The Scientific Explanation about what causes the Aurora Borealis

After the magnificent display of the northern lights, seen across much of Europe on 6th March, 1716, the seats of learning in the Old World began to turn their attention to its causes.  During the 19th century it was discovered that the  northern lights were an atmospheric phenomenon that was connected with the sun and partially influenced by the earths magnetic field.

The earth is continuously immersed in a stream of charged particles flowing outward from sun.  This stream is called the solar wind.  It was soon realised that this solar wind plays an important role in aurorae, by supplying the necessary electrons and by perturbing the magnetosphere so that the particles trapped in the radiation belts are dumped into the atmosphere near the mirror points.

Our planet's magnetic field usually does a good job protecting us from solar wind storms. Magnetic lines of force deflect charged particles from the Sun so that they don't hit our atmosphere head on.  However the magnetosphere (an area of space controlled by Earth's magnetic field) is not invincible. If the solar wind is strong enough or if the magnetic field inside the wind partially cancels the magnetic field of the Earth, some plasma (ionized gas) can get through and reacts with the atmosphere. 

Every 11 years or so, the Sun boils over with violent, dark storms-sunspots and solar flares-that spray Earth with shotgun blasts of subatomic pellets.  The solar invaders are not electrically neutral atoms but broken fragments bristling with charge. They inflame our planet's protective magnetic field.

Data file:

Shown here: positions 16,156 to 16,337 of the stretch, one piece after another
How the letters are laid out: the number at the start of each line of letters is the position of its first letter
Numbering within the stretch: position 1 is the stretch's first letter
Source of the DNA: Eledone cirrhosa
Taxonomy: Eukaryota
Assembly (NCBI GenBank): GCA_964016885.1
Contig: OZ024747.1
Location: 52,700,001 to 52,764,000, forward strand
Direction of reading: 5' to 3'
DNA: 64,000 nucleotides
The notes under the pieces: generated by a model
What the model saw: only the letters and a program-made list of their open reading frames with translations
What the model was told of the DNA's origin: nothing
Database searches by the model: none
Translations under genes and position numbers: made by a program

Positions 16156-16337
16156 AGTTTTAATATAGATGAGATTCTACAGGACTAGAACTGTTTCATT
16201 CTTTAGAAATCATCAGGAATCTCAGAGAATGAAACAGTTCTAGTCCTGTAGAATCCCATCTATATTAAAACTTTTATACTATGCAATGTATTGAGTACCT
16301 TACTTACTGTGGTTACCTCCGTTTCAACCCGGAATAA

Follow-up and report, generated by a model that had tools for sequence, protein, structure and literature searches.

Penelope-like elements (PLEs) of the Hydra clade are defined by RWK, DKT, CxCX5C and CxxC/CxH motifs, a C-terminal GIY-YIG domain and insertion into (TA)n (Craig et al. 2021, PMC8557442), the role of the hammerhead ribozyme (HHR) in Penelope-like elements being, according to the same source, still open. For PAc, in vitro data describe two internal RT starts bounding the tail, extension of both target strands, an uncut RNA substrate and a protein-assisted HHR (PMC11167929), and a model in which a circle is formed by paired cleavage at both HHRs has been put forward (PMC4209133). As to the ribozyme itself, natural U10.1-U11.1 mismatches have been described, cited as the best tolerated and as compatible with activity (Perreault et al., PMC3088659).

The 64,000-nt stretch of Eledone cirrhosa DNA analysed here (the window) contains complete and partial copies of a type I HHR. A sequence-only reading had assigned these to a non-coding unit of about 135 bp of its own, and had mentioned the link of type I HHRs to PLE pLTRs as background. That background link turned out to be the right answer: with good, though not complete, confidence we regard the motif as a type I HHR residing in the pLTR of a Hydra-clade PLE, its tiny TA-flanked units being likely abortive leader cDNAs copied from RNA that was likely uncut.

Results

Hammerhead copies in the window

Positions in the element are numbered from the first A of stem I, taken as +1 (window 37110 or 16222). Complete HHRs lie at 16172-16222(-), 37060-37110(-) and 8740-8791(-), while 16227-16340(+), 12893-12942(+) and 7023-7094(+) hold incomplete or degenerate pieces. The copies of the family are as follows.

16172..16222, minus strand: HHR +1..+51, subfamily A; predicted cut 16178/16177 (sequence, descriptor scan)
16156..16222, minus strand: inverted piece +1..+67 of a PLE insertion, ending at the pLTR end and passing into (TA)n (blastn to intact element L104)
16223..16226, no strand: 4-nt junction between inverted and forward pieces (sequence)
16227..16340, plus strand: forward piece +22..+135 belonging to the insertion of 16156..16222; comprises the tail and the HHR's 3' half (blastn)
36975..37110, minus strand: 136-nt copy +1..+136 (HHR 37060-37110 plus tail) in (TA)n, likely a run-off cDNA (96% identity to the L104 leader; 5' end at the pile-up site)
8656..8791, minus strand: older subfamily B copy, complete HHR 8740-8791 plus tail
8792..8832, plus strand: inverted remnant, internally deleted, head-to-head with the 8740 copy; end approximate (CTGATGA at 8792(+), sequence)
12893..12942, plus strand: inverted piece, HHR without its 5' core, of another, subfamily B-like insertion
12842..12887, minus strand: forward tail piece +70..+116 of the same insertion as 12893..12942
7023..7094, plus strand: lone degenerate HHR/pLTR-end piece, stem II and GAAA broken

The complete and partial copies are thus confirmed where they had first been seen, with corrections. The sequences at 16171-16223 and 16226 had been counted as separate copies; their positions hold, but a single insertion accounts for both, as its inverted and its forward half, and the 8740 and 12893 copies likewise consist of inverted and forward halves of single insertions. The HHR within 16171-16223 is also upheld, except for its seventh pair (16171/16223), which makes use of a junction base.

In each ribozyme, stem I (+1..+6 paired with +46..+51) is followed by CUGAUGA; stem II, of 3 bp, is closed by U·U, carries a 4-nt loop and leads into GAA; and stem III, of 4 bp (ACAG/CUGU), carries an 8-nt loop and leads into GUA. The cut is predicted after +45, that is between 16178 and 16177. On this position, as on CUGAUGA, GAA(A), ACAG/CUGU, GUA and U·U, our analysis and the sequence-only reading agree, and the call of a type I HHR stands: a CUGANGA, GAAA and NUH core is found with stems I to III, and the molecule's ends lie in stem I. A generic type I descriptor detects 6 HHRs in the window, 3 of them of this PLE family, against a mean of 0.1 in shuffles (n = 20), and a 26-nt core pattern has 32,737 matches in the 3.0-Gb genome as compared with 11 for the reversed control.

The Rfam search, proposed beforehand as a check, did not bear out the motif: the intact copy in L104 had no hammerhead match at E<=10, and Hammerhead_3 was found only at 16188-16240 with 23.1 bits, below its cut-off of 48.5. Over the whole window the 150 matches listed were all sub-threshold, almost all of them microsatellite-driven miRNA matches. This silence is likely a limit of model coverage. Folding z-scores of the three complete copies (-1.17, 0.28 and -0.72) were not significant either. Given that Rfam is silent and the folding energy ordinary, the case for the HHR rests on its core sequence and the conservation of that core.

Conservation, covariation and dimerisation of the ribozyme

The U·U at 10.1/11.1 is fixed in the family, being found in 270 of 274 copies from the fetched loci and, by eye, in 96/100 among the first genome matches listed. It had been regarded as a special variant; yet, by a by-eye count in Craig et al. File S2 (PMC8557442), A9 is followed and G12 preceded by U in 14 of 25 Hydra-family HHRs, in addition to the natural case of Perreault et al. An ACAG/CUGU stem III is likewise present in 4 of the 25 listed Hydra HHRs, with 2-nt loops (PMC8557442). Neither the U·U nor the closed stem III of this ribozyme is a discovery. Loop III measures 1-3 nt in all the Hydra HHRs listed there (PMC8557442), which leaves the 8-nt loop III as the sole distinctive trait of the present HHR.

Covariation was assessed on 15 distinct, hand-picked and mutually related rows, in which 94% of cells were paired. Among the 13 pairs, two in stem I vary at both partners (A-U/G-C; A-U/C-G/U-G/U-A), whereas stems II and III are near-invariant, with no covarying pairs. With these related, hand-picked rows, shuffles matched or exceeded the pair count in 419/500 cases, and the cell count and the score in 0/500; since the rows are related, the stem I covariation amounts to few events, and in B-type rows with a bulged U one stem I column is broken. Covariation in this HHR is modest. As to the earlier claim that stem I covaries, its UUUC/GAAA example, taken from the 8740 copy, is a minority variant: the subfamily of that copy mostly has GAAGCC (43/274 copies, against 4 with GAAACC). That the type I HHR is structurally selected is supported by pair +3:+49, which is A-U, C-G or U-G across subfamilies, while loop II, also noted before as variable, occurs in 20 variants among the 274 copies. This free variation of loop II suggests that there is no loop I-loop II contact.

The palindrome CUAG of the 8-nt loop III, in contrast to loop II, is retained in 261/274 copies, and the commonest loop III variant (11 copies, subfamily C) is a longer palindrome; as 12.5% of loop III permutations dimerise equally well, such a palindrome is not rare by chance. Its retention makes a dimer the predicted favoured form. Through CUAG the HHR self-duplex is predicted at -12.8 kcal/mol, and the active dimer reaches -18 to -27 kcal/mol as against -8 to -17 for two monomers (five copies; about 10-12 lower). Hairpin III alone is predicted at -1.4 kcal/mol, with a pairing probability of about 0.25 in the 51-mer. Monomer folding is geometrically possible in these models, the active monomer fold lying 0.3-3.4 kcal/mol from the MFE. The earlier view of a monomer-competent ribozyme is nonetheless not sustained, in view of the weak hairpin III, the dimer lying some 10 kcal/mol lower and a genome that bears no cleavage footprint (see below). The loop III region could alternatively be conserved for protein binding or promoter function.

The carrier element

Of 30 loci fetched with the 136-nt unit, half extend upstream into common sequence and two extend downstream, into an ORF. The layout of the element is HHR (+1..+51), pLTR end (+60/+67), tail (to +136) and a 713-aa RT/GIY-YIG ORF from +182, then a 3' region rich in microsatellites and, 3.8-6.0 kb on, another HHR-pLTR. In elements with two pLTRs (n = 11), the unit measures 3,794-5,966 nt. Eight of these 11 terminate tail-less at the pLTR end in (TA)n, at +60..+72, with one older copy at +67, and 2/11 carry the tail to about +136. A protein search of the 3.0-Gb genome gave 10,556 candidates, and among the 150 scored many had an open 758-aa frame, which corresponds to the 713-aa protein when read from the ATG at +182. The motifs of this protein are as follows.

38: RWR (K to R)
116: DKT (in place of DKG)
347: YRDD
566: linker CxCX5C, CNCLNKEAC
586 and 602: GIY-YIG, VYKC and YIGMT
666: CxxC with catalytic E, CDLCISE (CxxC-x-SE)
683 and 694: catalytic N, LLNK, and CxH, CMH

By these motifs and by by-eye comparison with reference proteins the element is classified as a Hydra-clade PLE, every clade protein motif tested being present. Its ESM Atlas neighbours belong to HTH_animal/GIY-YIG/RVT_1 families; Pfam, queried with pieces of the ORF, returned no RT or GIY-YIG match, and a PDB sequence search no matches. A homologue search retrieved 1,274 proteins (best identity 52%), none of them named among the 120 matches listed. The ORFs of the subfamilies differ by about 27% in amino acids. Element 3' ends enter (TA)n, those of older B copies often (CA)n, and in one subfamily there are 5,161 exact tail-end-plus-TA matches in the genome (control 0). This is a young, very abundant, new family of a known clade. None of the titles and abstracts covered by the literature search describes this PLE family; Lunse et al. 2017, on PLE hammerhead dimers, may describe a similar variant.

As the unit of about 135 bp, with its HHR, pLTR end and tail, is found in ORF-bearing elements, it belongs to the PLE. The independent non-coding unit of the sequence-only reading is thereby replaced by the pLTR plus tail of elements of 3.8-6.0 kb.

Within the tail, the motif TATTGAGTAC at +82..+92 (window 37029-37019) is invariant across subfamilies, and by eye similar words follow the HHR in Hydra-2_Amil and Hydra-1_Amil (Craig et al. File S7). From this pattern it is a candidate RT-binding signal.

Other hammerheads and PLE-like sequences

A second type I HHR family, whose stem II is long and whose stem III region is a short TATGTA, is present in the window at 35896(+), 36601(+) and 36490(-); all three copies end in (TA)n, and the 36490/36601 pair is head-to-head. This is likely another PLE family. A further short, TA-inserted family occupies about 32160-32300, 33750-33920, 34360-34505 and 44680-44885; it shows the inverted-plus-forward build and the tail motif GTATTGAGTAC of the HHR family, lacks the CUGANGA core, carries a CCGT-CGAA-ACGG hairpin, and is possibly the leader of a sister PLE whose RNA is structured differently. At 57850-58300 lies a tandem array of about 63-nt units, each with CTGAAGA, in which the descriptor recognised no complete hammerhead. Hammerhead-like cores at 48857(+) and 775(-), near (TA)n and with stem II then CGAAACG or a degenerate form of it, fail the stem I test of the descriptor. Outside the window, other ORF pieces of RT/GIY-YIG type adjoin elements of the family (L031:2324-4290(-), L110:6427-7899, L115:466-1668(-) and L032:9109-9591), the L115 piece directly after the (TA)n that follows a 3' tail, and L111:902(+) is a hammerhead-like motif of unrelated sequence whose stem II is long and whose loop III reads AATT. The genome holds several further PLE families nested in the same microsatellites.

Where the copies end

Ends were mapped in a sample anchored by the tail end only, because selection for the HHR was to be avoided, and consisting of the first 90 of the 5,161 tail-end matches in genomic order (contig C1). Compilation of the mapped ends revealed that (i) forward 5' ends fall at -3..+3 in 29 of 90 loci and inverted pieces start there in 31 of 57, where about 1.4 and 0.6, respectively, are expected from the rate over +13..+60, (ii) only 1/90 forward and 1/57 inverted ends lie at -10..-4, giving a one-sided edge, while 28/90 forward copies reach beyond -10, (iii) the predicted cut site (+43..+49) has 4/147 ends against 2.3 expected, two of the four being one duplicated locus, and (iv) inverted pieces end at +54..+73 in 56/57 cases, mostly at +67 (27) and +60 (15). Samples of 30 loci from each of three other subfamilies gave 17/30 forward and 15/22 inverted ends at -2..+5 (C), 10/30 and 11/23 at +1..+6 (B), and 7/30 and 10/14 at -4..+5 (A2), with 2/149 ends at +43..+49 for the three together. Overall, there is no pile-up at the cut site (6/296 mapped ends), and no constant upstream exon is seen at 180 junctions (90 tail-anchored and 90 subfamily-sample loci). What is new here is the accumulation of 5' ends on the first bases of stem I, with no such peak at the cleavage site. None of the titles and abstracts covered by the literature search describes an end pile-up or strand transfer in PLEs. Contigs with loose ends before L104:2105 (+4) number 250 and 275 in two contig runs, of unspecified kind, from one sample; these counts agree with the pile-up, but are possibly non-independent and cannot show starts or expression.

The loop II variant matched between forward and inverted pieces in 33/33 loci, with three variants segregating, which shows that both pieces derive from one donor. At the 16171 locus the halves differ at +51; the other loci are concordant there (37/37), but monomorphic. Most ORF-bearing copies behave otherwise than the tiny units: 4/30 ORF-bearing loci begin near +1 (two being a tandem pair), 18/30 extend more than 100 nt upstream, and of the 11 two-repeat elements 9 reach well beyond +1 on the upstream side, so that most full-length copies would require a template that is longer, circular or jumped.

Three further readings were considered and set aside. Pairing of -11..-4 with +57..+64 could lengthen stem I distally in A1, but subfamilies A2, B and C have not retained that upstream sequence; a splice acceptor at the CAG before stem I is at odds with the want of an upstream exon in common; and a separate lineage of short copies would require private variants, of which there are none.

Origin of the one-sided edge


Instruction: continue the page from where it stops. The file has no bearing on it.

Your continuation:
When charged particles are thrown across a magnetic field in this manner large amounts of electricity are generated. As a result the presence of, the Sun's detritus in the upper atmosphere produces a hundred trillion watts. That is an incredible million amps.

Within this  charged layer the trapped particle move in tight cylindrical helices along magnetic lines of force.  The electron move from west to east and the protons move from east to west.

Some of the imprisoned ions eventually work their way out of the magnetic trap.  The weakest portion of it occurs along the night side of the planet at the place where the Van Allens Belts come nearest to the earth.  The particles that escape in this way are dumped into the ionosphere where they interact to form complete atoms and liberate large amounts of energy.

Polewards the weakest portions of the Van Allens Belts is a region where the magnetic field of the earth does not trap or deflect the particles of the solar wind at all. 

They spiral directly towards the poles along the line of magnetic force (see dig.) until they strike the ionosphere.  Here they also interact energetically with the thin gases.  These invasions of the ionosphere raise its temperature to very high levels.  At altitudes of 63 miles temperatures of 870 oC have been measured over the equator, and 1427oC over the North Pole.  The energy pouring into the ionosphere also generates brilliant displays of aurora borealis of aurora australis, the 'northern and southern dawn'.

Auroral light is thus similar to light from colour television. In the picture tube, a beam of electrons controlled by electric and magnetic fields strikes the screen, making it glow in different colours, according to the type of chemicals (phosphors) that coat the screen. Auroral light is the light from the air glowing as charged particles, particularly electrons, rain down along the Earth's magnetic field lines. The colour of the aurora depends on the type of atom or molecule struck